About The Author

Schooled in Jamia Millia Islamia, New Delhi. Hasan Abdullah is a graduate from Delhi College of Engineering and postgraduate from the Indian Insitute of Technology Delhi. Besides consulting , researching and publishing as a professional engineering researcher, he has published articles on society and literature , including some on the poetry of Ghalib. In Urdu and English periodicals. He discusses Urdu poetry of Ghalib at

https://ghalibkaarvaan.wordpress.com A. Naseeb Khan has a doctorate on translation of modern Urdu poetry into English. He has to his credit several translated and edited volumes.including the translation of Maut ki Kitab, an Urdu novel by Kahlid Jawes; a monograph on Moin Ahsan Jazbi, published by Sahitya Akademi; and a collection of poems titled Rip Not the Sore. At present, be is the Principle of Syed Abid Husain Senior Secondary School, Jamia Millia Islamia New Delhi.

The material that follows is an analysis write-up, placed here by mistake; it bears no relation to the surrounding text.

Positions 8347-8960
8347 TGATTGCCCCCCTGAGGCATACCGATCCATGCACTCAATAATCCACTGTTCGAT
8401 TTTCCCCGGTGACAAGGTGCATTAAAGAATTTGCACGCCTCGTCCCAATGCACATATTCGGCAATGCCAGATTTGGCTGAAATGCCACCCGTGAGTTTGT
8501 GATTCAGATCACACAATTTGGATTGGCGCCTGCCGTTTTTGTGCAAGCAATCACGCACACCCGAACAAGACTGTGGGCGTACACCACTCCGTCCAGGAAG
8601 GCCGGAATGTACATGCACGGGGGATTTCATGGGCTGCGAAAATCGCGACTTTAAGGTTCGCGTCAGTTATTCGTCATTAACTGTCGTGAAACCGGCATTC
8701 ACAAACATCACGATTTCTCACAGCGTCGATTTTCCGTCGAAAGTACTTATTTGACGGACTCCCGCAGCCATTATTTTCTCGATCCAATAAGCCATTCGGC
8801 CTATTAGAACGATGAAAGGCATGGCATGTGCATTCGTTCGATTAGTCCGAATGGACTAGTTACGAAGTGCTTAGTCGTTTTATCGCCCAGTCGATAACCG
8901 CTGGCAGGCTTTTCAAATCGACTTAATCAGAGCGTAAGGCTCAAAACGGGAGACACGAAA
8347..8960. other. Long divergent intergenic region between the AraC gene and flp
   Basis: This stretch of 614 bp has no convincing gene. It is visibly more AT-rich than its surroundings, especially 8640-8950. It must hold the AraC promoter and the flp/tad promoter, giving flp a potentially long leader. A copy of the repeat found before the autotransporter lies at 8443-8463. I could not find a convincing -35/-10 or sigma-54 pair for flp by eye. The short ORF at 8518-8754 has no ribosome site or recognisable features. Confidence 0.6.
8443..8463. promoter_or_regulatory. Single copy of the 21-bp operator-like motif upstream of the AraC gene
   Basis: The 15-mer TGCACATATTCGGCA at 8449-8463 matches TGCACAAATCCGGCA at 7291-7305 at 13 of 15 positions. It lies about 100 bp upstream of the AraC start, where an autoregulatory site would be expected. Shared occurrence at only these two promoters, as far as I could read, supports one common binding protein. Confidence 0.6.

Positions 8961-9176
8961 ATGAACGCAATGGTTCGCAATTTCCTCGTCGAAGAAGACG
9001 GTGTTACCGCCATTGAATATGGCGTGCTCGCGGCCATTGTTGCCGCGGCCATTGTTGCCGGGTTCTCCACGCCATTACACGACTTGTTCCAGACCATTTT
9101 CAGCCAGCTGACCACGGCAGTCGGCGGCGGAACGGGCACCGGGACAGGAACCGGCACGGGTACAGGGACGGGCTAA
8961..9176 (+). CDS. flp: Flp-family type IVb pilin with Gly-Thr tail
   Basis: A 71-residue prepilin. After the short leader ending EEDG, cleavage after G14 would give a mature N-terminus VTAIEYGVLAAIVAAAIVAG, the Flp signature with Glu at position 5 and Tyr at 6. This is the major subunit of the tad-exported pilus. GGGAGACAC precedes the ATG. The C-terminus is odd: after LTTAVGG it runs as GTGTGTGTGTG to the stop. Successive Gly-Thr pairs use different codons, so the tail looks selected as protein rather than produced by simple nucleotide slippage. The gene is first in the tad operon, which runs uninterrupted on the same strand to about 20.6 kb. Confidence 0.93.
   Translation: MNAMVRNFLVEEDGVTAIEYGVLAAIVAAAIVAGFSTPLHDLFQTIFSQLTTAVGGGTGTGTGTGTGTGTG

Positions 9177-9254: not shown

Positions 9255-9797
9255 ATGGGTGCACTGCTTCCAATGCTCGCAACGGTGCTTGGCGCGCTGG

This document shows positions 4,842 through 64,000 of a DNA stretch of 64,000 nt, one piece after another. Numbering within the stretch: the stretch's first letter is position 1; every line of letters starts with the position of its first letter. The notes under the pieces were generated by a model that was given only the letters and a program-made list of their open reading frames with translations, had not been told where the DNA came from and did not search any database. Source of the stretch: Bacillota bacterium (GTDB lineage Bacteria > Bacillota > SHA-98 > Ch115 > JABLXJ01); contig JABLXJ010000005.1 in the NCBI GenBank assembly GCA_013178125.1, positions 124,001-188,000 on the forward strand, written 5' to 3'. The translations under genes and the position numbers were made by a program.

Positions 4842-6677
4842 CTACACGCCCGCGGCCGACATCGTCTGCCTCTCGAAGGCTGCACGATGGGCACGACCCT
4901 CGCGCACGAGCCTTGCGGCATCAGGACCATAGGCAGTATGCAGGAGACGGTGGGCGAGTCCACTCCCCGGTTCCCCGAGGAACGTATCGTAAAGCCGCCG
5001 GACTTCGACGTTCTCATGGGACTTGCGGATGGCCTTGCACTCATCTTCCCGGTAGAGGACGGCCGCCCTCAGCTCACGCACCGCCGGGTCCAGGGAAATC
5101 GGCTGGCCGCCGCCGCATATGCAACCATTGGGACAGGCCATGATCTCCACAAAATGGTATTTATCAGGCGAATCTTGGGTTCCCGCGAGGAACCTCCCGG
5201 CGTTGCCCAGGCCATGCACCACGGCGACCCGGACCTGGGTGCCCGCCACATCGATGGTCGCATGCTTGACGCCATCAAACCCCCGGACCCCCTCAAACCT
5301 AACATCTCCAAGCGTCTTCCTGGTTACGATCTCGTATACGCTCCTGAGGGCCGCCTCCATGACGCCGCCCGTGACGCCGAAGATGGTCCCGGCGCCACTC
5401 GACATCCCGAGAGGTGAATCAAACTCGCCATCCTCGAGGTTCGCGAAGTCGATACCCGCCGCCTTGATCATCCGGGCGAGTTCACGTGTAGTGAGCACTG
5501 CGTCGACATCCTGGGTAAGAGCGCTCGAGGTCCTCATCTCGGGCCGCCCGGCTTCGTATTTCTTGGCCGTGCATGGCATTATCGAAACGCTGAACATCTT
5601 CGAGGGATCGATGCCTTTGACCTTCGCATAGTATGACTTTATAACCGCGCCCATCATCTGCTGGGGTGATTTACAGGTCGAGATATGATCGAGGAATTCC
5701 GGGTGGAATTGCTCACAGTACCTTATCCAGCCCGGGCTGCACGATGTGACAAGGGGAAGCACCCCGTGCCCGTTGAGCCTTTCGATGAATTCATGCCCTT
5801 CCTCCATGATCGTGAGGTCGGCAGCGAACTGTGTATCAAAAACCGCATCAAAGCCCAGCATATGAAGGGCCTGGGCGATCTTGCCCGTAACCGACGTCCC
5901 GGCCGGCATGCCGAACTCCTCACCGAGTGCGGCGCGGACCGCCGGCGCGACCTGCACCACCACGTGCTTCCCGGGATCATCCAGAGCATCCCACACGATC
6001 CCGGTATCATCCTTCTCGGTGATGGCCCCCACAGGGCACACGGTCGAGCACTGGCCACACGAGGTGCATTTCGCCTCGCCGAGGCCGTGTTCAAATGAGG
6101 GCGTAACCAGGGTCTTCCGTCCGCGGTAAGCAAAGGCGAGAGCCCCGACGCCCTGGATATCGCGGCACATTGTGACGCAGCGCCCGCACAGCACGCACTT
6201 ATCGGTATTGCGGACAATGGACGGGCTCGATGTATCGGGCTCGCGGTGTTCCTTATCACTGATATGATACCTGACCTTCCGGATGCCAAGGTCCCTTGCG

Preface

Mirza Asadullah Beg Khan Ghalib (27 December 1797-15 February 1869)-Arguably the best exponent of the Urdu Ghazal –was born and raised in the northern region of nineteenth-century feudal India. During Ghalib’s life the British, who had completed the conquest of India by 1803, had allowed the old Mughal court in Delhi to continue as the centre of cultural life.

For almost 200 years from the eighteen century to the twentieth century, while Urdu was the lingua franca of India, Persian was the language of governance, diplomacy and culture. As a result, it was considered prestigious to write poetry in Persian during that time.